Travel

Willowbank Wildlife Reserve

(Last Updated On: November 8, 2019)

When we went to the South Island of New Zealand, we really wanted to see a kiwi. Despite several hikes in old growth rainforests, we didn’t spot one in the wild, of course. (That’s nearly impossible!) Luckily, we got a chance to see four kiwis at Willowbank Wildlife Reserve in Christchurch.

Willowbank Wildlife Reserve is what we might call a zoo here in the US. There aren’t high-ticket animals like lions, tigers, and bears, though. Instead there are sections for New Zealand animals, farm animals, and exotic birds. Best of all, you can spend a little money to buy food and feed the animals yourself.

It costs to buy food for the animals, but make sure to spend the money on birdseed, large animal food, and especially eel food. (The fish food wasn’t really worth it.) Start with the eels. They get a spoonful of raw meat, and it is a bit intimidating to feed them. As soon as we picked up a spoon, several of them lifted the front part of their bodies out of the water and moved toward us. They are good at eating off the spoon, and very excited when they see you coming! We enjoyed feeding the eels the most.

Feeding the eels was the best and scariest part of our visit.

There is plenty of birdseed for the geese, ducks, pheasants, chickens, and various wildbirds at the reserve. Our boys enjoyed sprinkling a little food around, and some of the animals will eat right out of your hand. Of course, the large mammals enjoyed their food, too. We fed deer, pigs, cows, donkeys, llamas, and even wallabies, though they are quite shy and don’t get too close. One of the highlights was walking right among many of the animals.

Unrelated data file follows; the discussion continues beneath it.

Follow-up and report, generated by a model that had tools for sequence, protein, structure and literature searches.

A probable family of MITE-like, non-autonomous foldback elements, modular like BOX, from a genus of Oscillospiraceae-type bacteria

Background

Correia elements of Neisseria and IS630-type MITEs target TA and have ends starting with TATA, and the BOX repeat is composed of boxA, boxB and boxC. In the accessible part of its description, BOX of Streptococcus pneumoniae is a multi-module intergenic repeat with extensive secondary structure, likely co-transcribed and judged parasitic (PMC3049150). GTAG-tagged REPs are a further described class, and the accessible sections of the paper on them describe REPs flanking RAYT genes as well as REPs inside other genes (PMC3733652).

We loved feeding the birds. Some would eat right out of your hand.
Even the rooster would eat the bird seed out of our hands.
We fed the deer the larger pellets.
We were excited to see the wallabies.
The wallabies wouldn’t get too close, but one ventured to eat out of our youngest’s hand.
There was a section of farm animals, too.
Every animals likes to eat, so make sure to buy the food at the beginning.

The highlight of the visit was the kiwi enclosure. There is a large building that houses several kiwis (4 when we were there). It is very dark and quiet as you walk along the pathway, which added to the kiwi sighting experience. You can’t get too close, and it may take some perseverance, but we spotted all four kiwis in about thirty minutes. We watched as one active kiwi scratched and prodded the grass with his beak. It seemed like such an authentic experience, and our boys spoke in whispers for a full half hour, which seemed like a miracle in itself. No pictures allowed in the enclosure.

We couldn’t take pictures of the kiwis, but here is a picture of a kea.

We spent between two to three hours at the Willowbank Wildlife Reserve and had a great time. If you’re in Christchurch, set aside the time to visit. You can also search the name of any city on the South Island in our search box to find other New Zealand adventures.

Many of the birds walked through the reserve wherever they pleased.

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